Severe ME Day of Understanding and Remembrance: Aug. 8, 2017
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M.E. and the London Review: Memories are made of this...

Discussion in 'Action Alerts and Advocacy' started by akrasia, Oct 4, 2014.

  1. akrasia

    akrasia Senior Member

    People who knew Karl reported his turns of phrase to each other (of ME, a fashionable condition in the 1980s: ‘that disease where your wrists go numb from carrying money home from the bank’ Diary 9 October 2014

    The thing to note in this quote from the obituary of Karl Miller, written by Mary Kay Wilmers, the current editor of the London Review of Books, is not that Miller uttered this stupidity at some point but that it is recalled and presented as an example of his trenchant wit and insight, an enduring truth that stirs the soul and tickles the funny bone even now, something to remember him by.

    The slavish conformity and lack of curiosity exhibited by both the left and right wing members of the English intellectual and chattering classes is a subject for another day, but the evidence for it is on vivid display here.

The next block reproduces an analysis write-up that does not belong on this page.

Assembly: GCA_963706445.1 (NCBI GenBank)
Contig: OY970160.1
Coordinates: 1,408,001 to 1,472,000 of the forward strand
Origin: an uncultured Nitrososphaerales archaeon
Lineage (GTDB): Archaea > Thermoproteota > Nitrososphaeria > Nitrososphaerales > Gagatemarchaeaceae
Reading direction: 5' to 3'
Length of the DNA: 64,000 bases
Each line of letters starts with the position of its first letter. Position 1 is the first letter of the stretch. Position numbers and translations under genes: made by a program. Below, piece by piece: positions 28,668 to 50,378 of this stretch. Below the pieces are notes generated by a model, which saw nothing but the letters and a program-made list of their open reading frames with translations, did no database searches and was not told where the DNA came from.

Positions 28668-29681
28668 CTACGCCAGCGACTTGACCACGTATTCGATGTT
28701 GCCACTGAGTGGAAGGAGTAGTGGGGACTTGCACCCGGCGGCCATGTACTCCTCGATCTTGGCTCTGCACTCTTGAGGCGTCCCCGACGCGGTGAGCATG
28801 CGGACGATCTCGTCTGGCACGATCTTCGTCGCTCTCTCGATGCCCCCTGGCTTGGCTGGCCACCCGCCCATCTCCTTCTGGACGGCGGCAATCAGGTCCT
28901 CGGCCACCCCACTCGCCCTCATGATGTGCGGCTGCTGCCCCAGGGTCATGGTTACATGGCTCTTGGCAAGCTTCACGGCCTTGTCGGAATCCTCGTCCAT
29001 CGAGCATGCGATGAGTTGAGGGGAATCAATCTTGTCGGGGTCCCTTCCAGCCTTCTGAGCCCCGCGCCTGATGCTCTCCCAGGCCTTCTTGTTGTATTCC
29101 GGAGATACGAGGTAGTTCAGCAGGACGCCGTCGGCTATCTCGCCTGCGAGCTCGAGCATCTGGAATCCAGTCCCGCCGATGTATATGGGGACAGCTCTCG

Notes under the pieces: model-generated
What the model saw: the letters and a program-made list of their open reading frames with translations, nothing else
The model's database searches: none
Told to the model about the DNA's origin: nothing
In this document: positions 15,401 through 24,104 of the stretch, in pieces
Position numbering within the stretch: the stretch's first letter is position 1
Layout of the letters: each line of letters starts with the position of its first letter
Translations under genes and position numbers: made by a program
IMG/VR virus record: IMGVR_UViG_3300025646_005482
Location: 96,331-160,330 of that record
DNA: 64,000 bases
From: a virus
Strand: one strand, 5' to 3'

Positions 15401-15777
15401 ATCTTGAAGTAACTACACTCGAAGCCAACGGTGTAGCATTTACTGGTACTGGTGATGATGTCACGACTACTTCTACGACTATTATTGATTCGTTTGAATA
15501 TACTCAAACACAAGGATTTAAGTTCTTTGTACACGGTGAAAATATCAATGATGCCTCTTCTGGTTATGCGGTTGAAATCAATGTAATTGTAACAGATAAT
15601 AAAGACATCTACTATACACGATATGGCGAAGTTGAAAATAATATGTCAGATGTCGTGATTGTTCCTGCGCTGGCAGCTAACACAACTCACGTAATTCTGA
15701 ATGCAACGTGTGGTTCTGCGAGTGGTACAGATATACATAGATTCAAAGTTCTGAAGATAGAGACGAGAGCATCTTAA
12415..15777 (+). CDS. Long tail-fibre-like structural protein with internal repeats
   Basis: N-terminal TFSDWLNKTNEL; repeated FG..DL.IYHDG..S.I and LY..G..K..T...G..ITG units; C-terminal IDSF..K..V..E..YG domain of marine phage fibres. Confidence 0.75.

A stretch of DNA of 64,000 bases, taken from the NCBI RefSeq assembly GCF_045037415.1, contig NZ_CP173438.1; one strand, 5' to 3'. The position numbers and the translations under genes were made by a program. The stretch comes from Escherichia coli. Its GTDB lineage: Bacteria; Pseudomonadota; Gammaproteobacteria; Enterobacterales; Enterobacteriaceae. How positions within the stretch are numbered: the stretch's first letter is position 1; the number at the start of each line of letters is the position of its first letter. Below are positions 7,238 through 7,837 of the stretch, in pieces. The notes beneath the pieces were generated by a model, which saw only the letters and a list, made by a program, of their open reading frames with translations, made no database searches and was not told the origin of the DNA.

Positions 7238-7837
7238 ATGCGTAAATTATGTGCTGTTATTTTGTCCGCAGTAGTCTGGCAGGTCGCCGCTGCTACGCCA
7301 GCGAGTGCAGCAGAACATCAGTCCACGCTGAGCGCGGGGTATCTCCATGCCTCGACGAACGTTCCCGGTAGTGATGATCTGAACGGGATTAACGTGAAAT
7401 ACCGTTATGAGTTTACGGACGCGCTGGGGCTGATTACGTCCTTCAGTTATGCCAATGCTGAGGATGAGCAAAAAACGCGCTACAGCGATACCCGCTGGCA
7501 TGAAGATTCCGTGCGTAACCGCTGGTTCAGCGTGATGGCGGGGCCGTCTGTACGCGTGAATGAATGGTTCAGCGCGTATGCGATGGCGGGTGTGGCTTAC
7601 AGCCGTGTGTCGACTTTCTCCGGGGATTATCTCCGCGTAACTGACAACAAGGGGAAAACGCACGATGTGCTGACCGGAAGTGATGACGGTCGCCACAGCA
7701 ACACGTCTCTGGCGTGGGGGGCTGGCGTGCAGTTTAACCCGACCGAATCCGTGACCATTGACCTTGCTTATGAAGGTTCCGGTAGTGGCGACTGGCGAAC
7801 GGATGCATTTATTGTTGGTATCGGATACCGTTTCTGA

London Review of Books
    28 Little Russell St.
    London, WC1A 2HN
    Last edited: Oct 4, 2014
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  2. Wildcat


    Thanks Akrasia.
  3. akrasia

    akrasia Senior Member


    A Serious Illness

    Mary-Kay Wilmers’s offhand dismissal of ME as a ‘fashionable condition in the 1980s’ shows a disturbing level of ignorance about an increasingly prevalent illness which has destroyed the quality of life of many sufferers (LRB, 9 October). As a former kick boxer, now bed bound as a result of ME, this is something to which I can attest. ME is a complex neurological illness recognised for many years as such by the World Health Organisation, and more recently classified by the US Food and Drug Administration as a serious life-threatening disease.

    Tony Gee

    Potters Bar, Hertfordshire


    Mary-Kay's response:

    Apologies to Tony Gee. With more thought I would have said ‘that first became widely known in the 1980s’.

    Of course, this is no apology at at all but an expression of invincible ignorance, as the good book says "there are none so blind as he who will not see."

    What's interesting is that the editorial board at LRB received a significant number of responses and, at least some of them, felt obliged to print a response from a patient. Tony did a good job.

    Thanks to everyone who pushed back.
    Last edited: Nov 12, 2014
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